Delara Fadavi
Bioengineering undergraduate student Delara Fadavi founded the UCSD Engineering World Health’s Distribution Team which is focused on manufacturing and deploying student projects. The team plans to begin clinical trials of their low-cost HIV diagnostic system in Tijuana clinics. Delara co-founded Meego Technology to develop a motion-activated alarm to deter laptop thefts in public places. The team has been accepted to the UC San Diego MyStartupXX Incubator and has completed the NSF Innovation-Corps Phase 2 Program.

Mary Graves

The first in her family to go to college, Mary Graves has distinguished herself in both research and student leadership. Grave is an undergraduate student under the department of Chemical Engineering, and her interests include mental illness and drug addiction. As a research summer scholar at the University of Minnesota, she led a 12-person team studying the effect of exercise on cocaine addiction. Graves is a leader in the American Institute of Chemical Engineers student chapter, where she organizes opportunities for students to network with mentors and prospective employers.

Aditi Gupta
Aditi Gupta is Bioengineering student and a co-founder of MeeGo Technology, which is developing a motion-activated alarm to deter laptop thefts in public places. Among Gupta’s many research experiences, she spent a summer at Taiwan’s National Yang Ming University where she studied the efficacy of herbal medicine for treating depression. She actively participates in student events, and was the chief organizer for Bioengineering Day 2014 and is helping to organize the inaugural multidisciplinary San Diego Hackfest.

Nico Montoya

As leader of the Triton Rocket Club, Mechanical and Aerospace Engineering student Nicholas Montoya helped grow the organization from five members to 60, and led the team to reach technical milestones, garner industry sponsorship, and achieve national recognition. The student team aims to be the first in the U.S. to launch a rocket into space. Montoya has completed internships at Northrop Grumman, Lockheed Martin, JPL and Portfolium. He constantly mentors fellow students, and actively uses his contacts to help his peers secure job opportunities.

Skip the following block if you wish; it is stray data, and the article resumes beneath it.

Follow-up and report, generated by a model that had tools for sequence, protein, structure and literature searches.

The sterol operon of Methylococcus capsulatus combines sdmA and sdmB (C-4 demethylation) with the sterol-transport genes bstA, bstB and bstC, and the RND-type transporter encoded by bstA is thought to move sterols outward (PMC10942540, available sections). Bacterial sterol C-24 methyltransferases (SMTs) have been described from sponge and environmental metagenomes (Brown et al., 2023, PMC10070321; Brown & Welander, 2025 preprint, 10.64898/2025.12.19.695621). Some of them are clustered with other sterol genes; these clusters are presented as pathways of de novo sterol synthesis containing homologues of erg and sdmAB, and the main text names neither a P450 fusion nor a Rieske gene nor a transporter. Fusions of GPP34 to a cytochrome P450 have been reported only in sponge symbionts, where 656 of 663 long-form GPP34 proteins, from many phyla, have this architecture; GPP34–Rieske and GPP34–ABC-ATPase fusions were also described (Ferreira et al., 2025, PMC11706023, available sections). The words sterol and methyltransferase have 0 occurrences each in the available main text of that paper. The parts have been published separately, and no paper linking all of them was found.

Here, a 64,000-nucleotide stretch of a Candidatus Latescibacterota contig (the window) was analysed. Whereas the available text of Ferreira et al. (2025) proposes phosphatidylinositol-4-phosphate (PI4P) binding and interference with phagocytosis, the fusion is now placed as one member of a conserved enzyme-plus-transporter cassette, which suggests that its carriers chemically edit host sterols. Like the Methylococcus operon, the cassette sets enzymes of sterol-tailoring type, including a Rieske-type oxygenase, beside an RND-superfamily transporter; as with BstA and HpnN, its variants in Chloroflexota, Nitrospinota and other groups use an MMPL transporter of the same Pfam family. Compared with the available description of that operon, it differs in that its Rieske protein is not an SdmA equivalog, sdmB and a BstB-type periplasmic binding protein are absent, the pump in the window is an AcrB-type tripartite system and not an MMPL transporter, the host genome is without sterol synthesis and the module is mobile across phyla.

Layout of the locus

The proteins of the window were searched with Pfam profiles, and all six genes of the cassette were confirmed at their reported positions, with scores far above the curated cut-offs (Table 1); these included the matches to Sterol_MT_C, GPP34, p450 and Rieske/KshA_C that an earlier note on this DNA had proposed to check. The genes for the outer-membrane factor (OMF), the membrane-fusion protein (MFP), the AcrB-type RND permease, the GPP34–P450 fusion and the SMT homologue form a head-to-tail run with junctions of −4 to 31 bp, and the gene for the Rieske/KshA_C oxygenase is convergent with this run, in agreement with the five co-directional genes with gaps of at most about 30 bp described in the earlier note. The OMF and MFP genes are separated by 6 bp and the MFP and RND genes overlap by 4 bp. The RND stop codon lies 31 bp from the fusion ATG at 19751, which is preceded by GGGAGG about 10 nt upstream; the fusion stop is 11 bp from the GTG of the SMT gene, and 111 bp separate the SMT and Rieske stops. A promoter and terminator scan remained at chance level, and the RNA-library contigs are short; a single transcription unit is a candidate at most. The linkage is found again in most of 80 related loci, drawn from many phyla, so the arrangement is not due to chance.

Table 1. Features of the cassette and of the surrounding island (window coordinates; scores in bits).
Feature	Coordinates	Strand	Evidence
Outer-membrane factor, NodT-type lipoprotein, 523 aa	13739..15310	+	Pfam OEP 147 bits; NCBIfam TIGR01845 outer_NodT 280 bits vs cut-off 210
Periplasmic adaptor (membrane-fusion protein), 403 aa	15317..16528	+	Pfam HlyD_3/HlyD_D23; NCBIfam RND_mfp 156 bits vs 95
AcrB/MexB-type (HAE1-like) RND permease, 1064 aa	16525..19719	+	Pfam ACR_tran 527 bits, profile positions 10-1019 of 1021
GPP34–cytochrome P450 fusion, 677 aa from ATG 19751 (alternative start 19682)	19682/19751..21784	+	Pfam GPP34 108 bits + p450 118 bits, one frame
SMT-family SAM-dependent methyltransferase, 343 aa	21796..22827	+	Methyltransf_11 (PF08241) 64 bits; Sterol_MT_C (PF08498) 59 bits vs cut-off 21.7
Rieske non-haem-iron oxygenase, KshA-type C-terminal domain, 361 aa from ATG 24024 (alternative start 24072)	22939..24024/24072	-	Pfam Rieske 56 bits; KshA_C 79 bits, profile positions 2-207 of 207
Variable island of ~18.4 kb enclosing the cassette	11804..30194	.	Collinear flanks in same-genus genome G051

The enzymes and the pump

Martin Cooper has been referred to as the “father” of the portable cellular telephony, having conceived the first portable cellular phone in 1973. Cooper was a submarine officer in the U.S. Navy, before becoming the division manager and head of R&D for Motorola over his 29-year tenure at the Company. As a serial entrepreneur, Cooper has started a number of businesses including co- founding GreatCall, Inc., maker of the Jitterbug phone and service, ArrayComm, the world leader in smart antenna technology and Dyna LLC, a business incubator, where he currently serves as Chairman. Cooper was an inaugural member of the Wireless History Foundation Wireless Hall of Fame. Red Herring magazine named him one of the Top 10 Entrepreneurs of 2000, the Wharton School of the University of Pennsylvania Business named him a Transformation Technology Change Leader and he is a recipient of the IEEE Centennial Medal. In 2010, Cooper was inducted into the National Academy of Engineering and was awarded the Prince of Asturias Prize for Science and Technology. In February 2013, Cooper was co-recipient of the Charles Stark Draper Prize; one of the world’s preeminent awards for engineering achievement. In September 2013, Cooper was awarded the coveted Marconi Prize and in January 2015, the IEEE Masaru Ibuka Consumer Electronics Award.

Cooper delivered the evening’s keynote address and spoke highly of this year’s Fellows, stating that he was in a room with the engineering leaders and entrepreneurs of tomorrow. Confident in Cooper’s statement, we expect great futures ahead for this year’s Gordon Fellows. Congratulations again to these students!